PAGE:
How a southern California high-school shielded a beloved teacher who groomed students for sex

A sign on the Rosemead High School campus. (Christopher Vu for insiders)
Three former Rosemead High students have confirmed they have had sexual relations with Eric Burgess, the school's "golden boy."
School officials repeatedly missed opportunities to investigate allegations against Burgess, causing his behavior to persist for more than 20 years.
The county also obstructed insider reporting on Burgess and repeatedly denied its public record requests.
"Our librarian sent me was a request from Matt Drange regarding: Eric Burgess," Rosemead director Brian Bristol wrote in an email to his boss. "How would you like us to deal with this?"
I knew it would be difficult to obtain documents for my investigation into my alma mater's dealings with teachers accused of sexual misconduct. But I didn't expect that requesting pictures of old yearbooks - copies of which can be easily found at the local library - would evoke a frantic response, including an email from the principal to the principal and instructions from campus staff to stop answering my calls.
The more I delved into Rosemead High's accounting for the behavior of their one-time "golden boy," English and journalism teacher Eric Burgess, the more school officials dug in their heels to obstruct my reporting. Word has gotten that I called teachers across campus in the summer of 2019, shortly after Burgess was suspended while county officials investigated his relationship with a former student. Many employees on campus told me they had been instructed not to speak to me.
Read more: He was my high school journalism teacher. Then I examined his relationships with teenage girls.
A few months earlier, after officers received a series of sexually explicit messages that Burgess exchanged with the former student, I asked District Superintendent Edward Zuniga if he thought the district had done everything possible to keep the students safe to ensure, among other issues. Emails show Zuniga tapped into an outside PR firm to create a canned response:
"This is a confidential personnel matter and the district does not comment on confidential personnel matters," Zuniga told me.
Yearbook photo by Eric Burgess. (Rosemead High School yearbook/Rebecca Zisser/Insider)
The secrecy surrounding Burgess increased when the county brought in an outside investigator, Lisa Strachan, to interview staff and alumni. Strachan's firm has come under scrutiny in the past for its tactics in sex abuse investigations at other Southern California schools, leading at least one person she contacted to ignore her calls. Meanwhile, the responses to my records requests became increasingly creative as the district's hired outside attorneys began to extend statutory exemptions at their discretion.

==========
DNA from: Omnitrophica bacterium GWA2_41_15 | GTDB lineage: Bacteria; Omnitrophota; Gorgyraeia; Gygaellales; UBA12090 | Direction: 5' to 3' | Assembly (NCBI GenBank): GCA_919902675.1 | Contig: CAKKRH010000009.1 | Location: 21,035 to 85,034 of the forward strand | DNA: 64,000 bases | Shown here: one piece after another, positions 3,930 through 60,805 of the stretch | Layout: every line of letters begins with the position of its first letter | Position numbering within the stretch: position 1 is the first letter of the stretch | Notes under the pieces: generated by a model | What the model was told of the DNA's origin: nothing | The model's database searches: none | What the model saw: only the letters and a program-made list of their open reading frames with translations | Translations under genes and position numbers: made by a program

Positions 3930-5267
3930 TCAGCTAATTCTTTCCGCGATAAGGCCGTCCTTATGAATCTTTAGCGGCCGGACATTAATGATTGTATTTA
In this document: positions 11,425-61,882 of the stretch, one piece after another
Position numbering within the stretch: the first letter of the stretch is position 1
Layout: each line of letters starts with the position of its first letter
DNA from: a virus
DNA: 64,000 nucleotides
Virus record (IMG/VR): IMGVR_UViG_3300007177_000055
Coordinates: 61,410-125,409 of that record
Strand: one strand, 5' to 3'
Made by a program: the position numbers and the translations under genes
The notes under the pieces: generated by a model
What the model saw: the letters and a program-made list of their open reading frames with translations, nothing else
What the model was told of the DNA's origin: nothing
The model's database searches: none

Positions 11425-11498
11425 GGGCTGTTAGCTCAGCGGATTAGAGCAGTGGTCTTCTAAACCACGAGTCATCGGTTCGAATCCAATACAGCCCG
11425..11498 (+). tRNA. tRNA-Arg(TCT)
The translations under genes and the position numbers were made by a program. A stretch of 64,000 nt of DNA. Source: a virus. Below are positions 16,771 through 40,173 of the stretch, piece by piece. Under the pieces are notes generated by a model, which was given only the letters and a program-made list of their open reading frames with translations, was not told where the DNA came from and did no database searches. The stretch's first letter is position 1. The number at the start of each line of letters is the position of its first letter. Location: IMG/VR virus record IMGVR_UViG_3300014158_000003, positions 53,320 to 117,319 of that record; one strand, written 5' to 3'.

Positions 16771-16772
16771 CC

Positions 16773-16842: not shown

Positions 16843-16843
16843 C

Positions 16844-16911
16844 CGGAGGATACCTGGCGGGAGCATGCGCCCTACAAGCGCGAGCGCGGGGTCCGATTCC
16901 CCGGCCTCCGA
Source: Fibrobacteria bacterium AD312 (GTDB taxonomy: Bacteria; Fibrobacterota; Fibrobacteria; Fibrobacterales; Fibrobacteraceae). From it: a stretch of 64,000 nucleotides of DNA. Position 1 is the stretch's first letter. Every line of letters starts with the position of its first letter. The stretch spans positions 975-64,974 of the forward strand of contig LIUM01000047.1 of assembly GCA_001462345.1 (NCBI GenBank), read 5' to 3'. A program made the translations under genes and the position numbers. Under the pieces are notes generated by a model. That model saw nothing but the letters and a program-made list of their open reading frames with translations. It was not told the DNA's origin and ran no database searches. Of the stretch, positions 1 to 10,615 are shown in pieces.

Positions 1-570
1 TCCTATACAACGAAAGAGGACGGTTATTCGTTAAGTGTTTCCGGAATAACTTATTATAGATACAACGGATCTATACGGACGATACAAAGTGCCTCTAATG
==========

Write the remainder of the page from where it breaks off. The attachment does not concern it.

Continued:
Attorneys specializing in access to public records who have reviewed the denials the school district sent me said the secrecy was outrageous. Among the records, which the district either denied me access to or claimed it did not possess, were disciplinary records from Burgess's personnel file -- including records from his first suspension on allegations that he was dating a student -- as well as all the other parts the district's 2019 investigation, which ultimately led to Burgess' resignation. Even after he was kicked out, district attorneys argued that "maintaining the confidentiality" of Burgess's records furthers "the interest of the public. Burgess' teaching license was revoked by the California Disciplinary Commission in 2021.
Other cases of abusive behavior have surfaced in the school district in recent years. In 2019, a Rosemead running coach went to jail for three years after pleading not to enter a competition for lewd acts with a student. The district paid $2 million to settle a case brought by another student at a nearby school after a teacher admitted molesting her. Other students filed a lawsuit shortly after, accusing the district of failing to protect them from teachers who exploited teenage girls.
The story goes on

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